The "Sooner" State was the scene that became part of the legend of the American west. On April 22, 1889 (when it was still called "the Indian Territory") the U.S. Government arranged that at a particular early morning hour a shot was fired along the borders of the territory, and hundreds of settlers posed at those borders took off and rode horses, wagons, coaches, and even wheel barrows to set up land claims for homesteads throughout the territory. The incident has popped up in motion pictures going back to William S. Hart's TUMBLEWEEDS. And it retains it's fascination to this day. Ron Howard used it in the conclusion of a film about ten years ago.
The land rush was a symbol of a critical moment in America. In 1893 the historian Frederick Jackson Turner wrote an essay which is still noted among the most important in our history writing. In it he stated that the frontier that had existed since the founding of the 13 colonies was dead and gone forever. The reason was that all the settlements of European (and African - American) citizens were spread over both coasts and in most of the areas in between. There was no large empty gap (although some western states had large sections that were uninhabitable as they were deserts, or they were Indian reservations). The last free land had been Oklahoma - Indiana Territory. According to Turner, the American Frontier had been a "safety valve" for people who had not made it in the "civilized" portions of the country - they could pick up and go to a wilderness area to get a second chance at the American dream. And now it was gone!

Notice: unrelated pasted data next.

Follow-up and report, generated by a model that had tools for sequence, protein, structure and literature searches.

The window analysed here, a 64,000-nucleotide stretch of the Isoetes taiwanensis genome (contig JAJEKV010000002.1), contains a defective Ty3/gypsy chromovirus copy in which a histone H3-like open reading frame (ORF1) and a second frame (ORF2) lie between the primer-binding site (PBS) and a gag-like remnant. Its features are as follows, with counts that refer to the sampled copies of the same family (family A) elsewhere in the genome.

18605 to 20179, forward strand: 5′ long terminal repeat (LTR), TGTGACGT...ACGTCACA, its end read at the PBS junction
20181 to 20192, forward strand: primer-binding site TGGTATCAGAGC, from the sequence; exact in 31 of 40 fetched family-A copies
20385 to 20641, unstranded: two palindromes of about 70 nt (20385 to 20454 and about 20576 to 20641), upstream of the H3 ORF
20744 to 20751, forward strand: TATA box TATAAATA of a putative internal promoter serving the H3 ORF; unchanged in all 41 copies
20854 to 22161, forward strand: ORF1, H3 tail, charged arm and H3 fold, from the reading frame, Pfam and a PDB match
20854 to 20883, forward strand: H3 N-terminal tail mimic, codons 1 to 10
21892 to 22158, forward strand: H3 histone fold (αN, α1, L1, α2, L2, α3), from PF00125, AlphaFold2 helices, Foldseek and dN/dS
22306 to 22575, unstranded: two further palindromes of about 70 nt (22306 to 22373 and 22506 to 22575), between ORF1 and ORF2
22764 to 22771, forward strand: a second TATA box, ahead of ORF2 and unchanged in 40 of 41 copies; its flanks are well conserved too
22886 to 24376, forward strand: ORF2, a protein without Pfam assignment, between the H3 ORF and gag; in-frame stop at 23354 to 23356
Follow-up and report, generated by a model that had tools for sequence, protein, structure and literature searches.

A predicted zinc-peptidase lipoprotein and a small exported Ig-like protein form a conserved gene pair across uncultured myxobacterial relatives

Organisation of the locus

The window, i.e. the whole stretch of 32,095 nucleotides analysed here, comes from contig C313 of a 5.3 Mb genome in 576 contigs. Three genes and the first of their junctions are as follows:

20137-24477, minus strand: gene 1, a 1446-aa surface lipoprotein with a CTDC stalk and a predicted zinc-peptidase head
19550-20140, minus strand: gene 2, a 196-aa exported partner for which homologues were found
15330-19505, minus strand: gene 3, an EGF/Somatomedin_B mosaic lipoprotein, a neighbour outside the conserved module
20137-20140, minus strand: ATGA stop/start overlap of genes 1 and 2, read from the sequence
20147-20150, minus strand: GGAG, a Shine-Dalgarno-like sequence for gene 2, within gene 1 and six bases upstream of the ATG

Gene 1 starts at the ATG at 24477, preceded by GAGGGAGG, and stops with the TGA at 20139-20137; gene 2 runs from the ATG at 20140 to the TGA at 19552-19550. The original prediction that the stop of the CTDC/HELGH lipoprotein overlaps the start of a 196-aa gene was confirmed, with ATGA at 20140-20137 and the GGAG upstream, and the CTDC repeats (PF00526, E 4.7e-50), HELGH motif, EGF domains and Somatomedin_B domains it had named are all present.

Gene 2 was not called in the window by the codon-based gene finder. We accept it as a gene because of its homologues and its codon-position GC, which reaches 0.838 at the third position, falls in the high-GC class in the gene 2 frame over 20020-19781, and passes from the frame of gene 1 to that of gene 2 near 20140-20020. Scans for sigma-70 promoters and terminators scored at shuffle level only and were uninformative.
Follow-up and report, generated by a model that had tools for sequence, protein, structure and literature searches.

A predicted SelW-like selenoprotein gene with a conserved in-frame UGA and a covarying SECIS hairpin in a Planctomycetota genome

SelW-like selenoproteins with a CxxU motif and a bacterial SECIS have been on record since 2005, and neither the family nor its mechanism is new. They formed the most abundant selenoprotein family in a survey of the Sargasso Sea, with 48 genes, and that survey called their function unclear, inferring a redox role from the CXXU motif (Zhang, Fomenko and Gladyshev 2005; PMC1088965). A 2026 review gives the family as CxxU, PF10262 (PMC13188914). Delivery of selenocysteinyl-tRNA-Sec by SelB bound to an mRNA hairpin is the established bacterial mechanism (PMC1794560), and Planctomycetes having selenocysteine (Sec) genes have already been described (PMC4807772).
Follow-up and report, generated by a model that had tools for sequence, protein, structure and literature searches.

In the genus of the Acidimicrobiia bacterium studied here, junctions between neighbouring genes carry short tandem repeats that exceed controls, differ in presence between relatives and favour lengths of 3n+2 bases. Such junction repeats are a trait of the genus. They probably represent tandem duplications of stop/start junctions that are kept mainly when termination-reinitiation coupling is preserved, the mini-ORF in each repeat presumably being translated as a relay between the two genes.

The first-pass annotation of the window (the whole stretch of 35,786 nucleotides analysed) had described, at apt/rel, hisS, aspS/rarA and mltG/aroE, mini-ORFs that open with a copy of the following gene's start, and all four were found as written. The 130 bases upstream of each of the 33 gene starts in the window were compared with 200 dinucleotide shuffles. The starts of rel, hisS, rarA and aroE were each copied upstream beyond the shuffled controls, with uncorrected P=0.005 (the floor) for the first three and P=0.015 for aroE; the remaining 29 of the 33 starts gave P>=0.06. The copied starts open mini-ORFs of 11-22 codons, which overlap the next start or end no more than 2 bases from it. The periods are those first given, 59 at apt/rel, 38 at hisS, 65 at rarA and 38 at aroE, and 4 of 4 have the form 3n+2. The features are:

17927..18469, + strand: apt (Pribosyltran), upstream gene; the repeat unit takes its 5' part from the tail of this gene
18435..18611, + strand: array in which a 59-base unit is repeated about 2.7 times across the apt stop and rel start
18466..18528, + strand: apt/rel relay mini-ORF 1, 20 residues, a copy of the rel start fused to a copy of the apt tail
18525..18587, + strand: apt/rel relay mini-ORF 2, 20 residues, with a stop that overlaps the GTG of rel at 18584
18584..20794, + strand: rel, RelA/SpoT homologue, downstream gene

It is not unusual to note that both Oklahoma Land Rush and the Turner thesis came out during the Presidency of Benjamin Harrison (1889 - 1893). Harrison, while a U.S. Senator, was head of the Senate committee on territories. He had been behind the drive for getting the territories into the Union as states as quickly as possible. As a result, more states entered the Union while he was President (six: Washington, Idaho, Montana, Wyoming, North and South Dakota) than in any other administration, and all were western territories turned into states.
Turner was not fully correct (no historian ever is). He failed to take Alaska into account. But the significance of that last dash in 1889 seems best summarized by what Turner's thesis said.
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